First responders splinter locked front doors with sledge hammers while searching for survivors, but find more victims instead. Wooden jambs swollen from filthy flood waters keep out rescuers more efficiently than steel bolts dissuade looters.
Going house to house, the quiet is ominous. Where sounds of laughing children and barking dogs were once block music, silence now a stark reminder of the loss of life.
Vandals band into packs, defiling already ruined memories, leaving messages of contempt where comfort is needed, necessary.
Devastation, caused by demon storms bearing names as easily given to nurturing mothers and fathers, lingers even after the debris is removed from sight. Fading to shiny silver traces, scars never completely heal.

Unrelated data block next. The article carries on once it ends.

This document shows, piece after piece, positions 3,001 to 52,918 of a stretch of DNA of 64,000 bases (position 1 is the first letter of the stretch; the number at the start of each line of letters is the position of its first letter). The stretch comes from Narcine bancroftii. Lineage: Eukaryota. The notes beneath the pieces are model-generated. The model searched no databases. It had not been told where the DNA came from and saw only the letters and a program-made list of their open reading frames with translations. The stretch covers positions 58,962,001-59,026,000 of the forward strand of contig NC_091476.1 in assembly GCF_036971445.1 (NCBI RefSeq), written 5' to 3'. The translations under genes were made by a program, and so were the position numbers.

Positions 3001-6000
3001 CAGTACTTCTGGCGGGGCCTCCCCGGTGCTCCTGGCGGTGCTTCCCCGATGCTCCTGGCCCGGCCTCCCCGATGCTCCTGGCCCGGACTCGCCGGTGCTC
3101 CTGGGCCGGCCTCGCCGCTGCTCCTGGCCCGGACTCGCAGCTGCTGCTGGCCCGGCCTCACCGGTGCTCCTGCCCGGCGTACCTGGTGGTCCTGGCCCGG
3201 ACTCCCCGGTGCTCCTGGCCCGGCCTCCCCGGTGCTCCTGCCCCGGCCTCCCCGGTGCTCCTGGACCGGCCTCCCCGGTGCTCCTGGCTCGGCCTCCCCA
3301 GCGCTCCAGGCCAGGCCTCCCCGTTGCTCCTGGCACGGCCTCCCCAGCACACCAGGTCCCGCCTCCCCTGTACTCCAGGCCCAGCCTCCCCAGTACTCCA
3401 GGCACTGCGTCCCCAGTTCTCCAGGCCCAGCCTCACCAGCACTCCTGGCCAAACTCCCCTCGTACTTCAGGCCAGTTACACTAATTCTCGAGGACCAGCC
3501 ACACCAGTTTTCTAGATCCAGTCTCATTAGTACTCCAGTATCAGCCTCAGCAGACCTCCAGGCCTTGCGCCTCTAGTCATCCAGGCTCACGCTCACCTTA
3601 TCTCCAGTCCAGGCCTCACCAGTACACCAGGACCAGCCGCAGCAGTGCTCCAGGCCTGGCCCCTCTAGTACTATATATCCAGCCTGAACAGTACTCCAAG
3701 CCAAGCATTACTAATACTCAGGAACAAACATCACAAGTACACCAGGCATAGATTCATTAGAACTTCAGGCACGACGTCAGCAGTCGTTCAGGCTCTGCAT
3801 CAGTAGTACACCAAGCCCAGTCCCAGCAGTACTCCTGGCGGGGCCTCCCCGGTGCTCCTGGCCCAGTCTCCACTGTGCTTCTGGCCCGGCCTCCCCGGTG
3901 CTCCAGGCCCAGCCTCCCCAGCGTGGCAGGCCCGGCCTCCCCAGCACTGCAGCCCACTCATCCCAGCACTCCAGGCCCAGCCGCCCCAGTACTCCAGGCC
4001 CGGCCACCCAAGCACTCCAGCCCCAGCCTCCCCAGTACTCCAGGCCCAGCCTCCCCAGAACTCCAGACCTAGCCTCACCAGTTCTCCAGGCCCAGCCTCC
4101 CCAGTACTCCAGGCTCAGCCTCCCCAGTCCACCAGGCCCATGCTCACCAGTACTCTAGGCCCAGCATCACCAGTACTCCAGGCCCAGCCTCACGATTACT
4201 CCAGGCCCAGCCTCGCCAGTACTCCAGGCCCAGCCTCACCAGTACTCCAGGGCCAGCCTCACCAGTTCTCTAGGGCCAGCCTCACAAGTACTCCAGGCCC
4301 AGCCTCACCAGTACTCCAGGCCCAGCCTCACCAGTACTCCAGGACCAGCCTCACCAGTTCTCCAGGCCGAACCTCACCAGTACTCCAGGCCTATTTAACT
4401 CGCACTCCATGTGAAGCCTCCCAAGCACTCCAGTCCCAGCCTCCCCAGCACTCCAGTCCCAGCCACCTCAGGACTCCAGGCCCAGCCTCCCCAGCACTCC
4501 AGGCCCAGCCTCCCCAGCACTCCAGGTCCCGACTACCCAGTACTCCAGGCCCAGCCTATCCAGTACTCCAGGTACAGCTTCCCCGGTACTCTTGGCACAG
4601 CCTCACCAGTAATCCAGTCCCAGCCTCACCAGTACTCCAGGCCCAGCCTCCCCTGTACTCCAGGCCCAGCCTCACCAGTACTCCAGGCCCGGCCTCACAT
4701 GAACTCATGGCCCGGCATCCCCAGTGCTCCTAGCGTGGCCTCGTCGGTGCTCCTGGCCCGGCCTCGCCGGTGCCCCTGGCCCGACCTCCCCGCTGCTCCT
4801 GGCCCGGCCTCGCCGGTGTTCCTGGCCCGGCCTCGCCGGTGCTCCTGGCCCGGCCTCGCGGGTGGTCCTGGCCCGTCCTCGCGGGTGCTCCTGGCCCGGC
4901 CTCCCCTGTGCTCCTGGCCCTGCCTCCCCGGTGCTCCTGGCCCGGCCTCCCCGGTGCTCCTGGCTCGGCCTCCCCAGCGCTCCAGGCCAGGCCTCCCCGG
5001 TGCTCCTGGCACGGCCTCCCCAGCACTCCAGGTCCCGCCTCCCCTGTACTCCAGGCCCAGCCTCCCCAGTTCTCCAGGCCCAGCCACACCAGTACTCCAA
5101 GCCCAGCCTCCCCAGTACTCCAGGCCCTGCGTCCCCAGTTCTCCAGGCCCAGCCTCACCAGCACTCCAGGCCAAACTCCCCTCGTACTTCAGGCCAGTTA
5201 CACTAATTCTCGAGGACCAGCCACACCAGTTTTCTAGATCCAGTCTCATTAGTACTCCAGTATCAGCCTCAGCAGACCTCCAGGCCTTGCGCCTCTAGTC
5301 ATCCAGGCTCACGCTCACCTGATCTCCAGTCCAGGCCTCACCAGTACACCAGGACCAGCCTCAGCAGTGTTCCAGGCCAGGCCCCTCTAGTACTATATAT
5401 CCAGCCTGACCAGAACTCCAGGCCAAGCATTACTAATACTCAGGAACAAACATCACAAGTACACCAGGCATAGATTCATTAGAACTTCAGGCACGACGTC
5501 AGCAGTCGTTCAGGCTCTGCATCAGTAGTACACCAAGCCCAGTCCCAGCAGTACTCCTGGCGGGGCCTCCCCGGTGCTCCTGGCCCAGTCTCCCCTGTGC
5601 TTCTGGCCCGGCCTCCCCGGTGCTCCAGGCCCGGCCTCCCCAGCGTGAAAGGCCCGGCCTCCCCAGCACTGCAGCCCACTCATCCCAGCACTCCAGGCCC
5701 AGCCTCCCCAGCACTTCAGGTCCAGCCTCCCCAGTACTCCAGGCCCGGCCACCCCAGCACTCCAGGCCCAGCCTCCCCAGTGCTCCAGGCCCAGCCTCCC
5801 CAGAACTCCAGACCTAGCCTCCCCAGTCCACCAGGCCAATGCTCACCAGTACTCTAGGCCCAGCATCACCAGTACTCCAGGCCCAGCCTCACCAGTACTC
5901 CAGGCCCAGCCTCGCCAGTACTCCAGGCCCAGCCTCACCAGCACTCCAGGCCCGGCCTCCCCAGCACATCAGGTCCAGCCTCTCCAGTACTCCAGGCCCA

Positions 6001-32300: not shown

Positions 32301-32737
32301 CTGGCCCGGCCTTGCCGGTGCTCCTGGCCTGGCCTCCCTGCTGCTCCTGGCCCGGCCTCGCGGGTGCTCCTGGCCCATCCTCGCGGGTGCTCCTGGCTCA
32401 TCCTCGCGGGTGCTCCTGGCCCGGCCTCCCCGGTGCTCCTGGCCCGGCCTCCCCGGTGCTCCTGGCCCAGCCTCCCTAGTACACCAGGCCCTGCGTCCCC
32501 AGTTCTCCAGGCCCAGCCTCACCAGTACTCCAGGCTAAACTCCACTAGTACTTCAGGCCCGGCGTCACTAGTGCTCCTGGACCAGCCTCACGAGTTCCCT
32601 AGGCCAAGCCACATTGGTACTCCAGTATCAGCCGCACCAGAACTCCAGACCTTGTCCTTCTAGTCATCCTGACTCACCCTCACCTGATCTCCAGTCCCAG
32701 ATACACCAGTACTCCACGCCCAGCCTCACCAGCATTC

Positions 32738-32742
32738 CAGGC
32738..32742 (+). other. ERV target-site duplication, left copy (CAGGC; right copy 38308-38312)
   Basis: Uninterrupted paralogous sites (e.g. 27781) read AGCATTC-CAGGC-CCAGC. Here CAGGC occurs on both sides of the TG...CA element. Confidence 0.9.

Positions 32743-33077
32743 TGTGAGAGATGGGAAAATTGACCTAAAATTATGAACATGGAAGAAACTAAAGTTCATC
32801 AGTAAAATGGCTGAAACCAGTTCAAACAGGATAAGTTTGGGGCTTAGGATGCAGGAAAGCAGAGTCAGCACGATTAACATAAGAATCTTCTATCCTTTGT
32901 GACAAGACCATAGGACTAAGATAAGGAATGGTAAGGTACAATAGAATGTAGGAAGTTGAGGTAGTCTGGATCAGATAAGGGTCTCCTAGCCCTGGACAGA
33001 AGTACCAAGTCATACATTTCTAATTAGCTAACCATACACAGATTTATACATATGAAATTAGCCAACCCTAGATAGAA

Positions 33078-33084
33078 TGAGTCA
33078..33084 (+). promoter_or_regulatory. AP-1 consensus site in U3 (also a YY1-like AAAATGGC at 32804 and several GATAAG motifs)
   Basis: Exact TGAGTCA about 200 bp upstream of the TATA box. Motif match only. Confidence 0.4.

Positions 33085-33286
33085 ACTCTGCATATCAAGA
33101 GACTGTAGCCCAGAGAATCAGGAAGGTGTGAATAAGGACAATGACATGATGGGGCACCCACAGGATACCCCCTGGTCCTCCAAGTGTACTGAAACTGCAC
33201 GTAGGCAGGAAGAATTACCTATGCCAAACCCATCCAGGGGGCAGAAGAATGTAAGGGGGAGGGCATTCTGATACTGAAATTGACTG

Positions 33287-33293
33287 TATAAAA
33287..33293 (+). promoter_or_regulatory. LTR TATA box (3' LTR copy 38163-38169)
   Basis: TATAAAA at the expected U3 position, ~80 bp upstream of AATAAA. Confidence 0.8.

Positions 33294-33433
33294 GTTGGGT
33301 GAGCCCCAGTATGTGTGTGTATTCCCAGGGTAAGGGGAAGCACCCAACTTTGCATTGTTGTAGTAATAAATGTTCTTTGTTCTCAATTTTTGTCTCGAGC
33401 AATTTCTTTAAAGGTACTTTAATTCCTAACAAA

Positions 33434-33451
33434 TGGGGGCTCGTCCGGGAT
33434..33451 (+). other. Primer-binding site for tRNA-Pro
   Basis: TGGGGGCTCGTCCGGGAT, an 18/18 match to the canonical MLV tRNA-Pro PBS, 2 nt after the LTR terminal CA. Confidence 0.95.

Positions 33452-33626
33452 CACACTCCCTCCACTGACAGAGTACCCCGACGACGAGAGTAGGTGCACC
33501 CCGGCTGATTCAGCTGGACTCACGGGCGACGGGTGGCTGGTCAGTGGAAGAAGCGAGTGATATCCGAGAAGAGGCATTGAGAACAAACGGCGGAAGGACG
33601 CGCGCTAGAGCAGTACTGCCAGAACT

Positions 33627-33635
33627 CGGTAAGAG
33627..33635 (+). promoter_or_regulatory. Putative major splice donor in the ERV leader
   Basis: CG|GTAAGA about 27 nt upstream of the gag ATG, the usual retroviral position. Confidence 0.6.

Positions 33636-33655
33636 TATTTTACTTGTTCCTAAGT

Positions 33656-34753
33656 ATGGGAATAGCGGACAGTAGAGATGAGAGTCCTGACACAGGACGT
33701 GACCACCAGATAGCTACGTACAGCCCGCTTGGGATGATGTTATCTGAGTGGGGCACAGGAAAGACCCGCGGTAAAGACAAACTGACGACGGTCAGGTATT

Three months remain in the 2013 Atlantic Hurricane Season.
- Hurricane Andrew (1992) Homestead FL: 26 deaths; $26.5 billion damages
- Hurricane Opal (1995) Destin FL: 59 deaths; $3 billion damages
- Hurricane Ivan (2004) Gulf Shores, AL: 92 deaths; $14.2 billion damages
- Hurricane Katrina (2005) New Orleans, LA: 1,200 deaths; $75 billion damages
- Hurricane Irene (2011) New York City, NY: 56 deaths; $15.6 billion damages
- Hurricane Sandy (2012) Mantoloking, NJ: 191 deaths; $50 billion damages
*National Oceanic and Atmospheric Administration (NOAA)
*Photo venue: New Orleans, Ninth Ward; 2010, five years after Hurricane Katrina. The graffiti on this house is not vandalism. It is X-code messages used by search-and-rescue teams.